Black Maternal Health is not synonymous with disparity. Black lives are more than violence and struggle. Let’s move beyond the statistics to solutions. There are real people and families behind these numbers. We’re creating a space, even if it’s a small start, to tell our stories and decide for ourselves the direction we want to grow.
When it comes to Black Maternal Health, the state of Iowa has directed resources toward a variety of programs. We have reproductive health programs within Title V and Title X. We have received a Maternal Health Innovation Grant for more than two million dollars, which includes the formation of a Perinatal Quality Care Collaborative and the future implementation of AIM safety bundles. We have a Maternal Mortality Review Committee that reviews maternal deaths and shares a report annually.
These things are all progress and notably more than what some other states have done, but do these programs truly address the root causes of these issues?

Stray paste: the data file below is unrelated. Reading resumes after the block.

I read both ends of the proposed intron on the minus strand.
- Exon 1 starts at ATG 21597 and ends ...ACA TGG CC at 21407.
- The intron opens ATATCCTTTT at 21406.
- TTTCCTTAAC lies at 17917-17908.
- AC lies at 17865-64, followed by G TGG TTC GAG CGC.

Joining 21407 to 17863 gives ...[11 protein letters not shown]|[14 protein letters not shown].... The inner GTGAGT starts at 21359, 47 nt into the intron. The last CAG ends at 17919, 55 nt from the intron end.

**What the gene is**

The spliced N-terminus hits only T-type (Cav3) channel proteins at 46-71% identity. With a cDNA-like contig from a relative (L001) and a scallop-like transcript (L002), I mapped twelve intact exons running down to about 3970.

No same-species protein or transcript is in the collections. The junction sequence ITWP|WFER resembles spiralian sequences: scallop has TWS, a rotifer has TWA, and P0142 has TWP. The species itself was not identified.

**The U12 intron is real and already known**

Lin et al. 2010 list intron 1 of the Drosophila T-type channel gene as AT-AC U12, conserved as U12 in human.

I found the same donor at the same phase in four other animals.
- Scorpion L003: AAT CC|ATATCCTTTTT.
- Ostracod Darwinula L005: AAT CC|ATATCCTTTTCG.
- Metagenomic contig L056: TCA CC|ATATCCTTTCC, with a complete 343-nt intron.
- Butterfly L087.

I’ve seen many presentations, reports, and articles filled with numbers and data on the problems. At the same time, I’m sorting through the memories I have of supporting Black families. The excitement in choosing colors for baby rooms. Tears from Grandparents meeting the new addition to their family. The giggles in trying new yoga poses. Dance parties and pride when we reach breastfeeding milestones. So many beautiful moments of joy, of resilience, of transformation. Those moments are rarely celebrated or even mentioned, but they should be.
Even beyond uplifting Black experiences in Iowa, I have not seen a diverse representation of the many ways a family can look or be conceived within our birthing community. It’s important to me to create space specifically for folks who are marginalized. The wisdom and experiences people can share are valuable. The expertise that exists within our community should be respected and celebrated! What new ideas might arise when the usual crowd sits back and listens? By centering the voices of the most marginalized, working margin to center, we can begin to create a better quality system that serves everyone.